On the 11th June the House of Lords Economic Affairs Committee published a new report on the financial sustainability of the post-school education system. The report followed a detailed inquiry by the Lords, the ‘Economics of higher, further and technical education’.
Peers conclude in the report that the current post-school system is unbalanced in favour of full time university degrees, and as a result offers ‘poor value for money to individuals, taxpayers and the economy’. It also sets out several recommendations for government.
The report was informed by written evidence from EPI – and cites our research, and recommendations from our submission.
Responding to the recommendations of the Committee, David Robinson, Director of Post 16 and Skills at the Education Policy Institute, said:
“The House of Lords Economic Affairs Committee has correctly identified some of the key inadequacies of post school-education in England and the Education Policy Institute welcomes many of its report’s recommendations.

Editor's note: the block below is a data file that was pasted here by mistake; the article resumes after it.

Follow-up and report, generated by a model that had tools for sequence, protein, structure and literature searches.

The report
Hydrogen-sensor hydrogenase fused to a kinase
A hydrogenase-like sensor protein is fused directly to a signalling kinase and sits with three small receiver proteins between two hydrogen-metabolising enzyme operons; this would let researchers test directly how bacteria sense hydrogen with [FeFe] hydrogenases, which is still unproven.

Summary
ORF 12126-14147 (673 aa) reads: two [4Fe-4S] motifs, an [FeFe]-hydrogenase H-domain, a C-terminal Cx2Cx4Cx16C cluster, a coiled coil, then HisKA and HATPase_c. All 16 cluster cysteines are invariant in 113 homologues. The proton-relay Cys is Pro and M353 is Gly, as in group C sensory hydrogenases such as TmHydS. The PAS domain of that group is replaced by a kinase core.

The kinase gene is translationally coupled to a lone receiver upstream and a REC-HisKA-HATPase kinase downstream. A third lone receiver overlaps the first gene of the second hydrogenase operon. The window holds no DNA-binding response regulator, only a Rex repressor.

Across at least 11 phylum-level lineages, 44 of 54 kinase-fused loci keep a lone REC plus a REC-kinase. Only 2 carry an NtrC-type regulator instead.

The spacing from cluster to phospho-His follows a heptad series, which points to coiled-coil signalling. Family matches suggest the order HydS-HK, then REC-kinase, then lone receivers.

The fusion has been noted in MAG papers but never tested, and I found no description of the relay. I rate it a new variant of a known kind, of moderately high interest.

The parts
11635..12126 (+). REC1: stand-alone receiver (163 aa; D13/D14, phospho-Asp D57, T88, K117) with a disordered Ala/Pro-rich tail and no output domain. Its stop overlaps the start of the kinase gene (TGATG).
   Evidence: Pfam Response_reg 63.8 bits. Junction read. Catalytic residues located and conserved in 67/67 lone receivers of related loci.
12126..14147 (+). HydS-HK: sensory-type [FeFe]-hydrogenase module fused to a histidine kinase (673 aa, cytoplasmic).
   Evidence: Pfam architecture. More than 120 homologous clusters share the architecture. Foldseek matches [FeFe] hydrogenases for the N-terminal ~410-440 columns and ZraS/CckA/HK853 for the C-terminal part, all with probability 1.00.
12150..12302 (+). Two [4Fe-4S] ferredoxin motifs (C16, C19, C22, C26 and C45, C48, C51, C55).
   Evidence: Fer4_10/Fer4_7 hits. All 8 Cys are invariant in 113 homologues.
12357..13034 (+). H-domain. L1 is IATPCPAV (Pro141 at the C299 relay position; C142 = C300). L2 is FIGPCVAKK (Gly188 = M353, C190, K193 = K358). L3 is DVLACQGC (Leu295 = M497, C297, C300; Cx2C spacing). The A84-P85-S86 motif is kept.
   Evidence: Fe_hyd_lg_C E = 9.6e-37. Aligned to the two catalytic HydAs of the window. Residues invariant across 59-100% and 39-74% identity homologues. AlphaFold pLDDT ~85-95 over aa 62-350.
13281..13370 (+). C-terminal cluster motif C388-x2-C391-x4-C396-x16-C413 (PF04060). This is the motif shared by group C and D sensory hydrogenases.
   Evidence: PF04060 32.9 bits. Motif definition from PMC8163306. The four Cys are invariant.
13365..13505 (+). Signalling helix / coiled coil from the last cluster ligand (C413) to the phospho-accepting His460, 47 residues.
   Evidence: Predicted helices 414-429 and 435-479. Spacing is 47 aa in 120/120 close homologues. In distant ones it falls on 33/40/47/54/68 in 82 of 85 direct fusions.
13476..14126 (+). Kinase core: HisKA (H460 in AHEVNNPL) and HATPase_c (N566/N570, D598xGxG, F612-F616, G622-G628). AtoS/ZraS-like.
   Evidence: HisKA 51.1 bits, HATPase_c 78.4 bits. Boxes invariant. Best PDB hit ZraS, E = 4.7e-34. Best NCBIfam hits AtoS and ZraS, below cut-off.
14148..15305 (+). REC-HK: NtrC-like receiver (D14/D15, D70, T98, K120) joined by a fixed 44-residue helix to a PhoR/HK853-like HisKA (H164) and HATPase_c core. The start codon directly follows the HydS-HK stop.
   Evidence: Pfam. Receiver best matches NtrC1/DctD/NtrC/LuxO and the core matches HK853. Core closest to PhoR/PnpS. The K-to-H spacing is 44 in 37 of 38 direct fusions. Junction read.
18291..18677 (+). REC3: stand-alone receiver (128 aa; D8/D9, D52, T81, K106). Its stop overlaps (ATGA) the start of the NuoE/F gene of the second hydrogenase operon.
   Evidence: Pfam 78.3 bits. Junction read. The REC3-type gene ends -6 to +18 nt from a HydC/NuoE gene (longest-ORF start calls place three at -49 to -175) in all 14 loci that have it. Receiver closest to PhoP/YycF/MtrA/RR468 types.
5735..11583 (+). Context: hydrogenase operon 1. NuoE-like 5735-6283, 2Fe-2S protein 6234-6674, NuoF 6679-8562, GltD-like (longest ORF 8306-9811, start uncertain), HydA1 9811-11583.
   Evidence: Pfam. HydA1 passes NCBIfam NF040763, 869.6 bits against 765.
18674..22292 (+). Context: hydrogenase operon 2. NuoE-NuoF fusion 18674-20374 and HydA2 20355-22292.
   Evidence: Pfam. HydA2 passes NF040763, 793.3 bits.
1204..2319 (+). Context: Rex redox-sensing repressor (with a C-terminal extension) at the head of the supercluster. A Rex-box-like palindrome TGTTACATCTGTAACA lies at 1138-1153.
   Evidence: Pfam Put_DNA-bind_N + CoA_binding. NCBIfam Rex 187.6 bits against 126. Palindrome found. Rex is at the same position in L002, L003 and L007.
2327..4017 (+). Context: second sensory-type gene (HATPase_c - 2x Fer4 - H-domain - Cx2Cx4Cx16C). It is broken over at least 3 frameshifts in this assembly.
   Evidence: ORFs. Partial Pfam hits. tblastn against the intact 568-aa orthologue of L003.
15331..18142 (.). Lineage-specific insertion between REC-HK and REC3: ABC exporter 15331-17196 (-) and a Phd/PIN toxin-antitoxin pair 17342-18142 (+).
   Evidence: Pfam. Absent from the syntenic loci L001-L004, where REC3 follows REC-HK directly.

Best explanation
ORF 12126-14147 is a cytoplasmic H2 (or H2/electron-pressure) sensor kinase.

“The Committee is correct in outlining the need for reforms to funding and incentives for those students not studying a full-time undergraduate degree. We agree that this is central to making progress in providing value for money for both students and the taxpayer – and equipping young people with the skills they need for the labour market.
“Calls for a review of the treatment of student loans in government accounts are to be welcomed. The Committee rightly highlights some of the perversities in the current system, such as pushing provision towards loan-eligible qualifications at the expense of other routes and qualifications.
“On apprenticeships policy, EPI research has called on the government to end its arbitrary apprenticeships target of three million, and focus on driving up quality of provision, over quantity. To see peers endorse this view in their inquiry report is also welcome”.
The Committee’s report can be read in full here.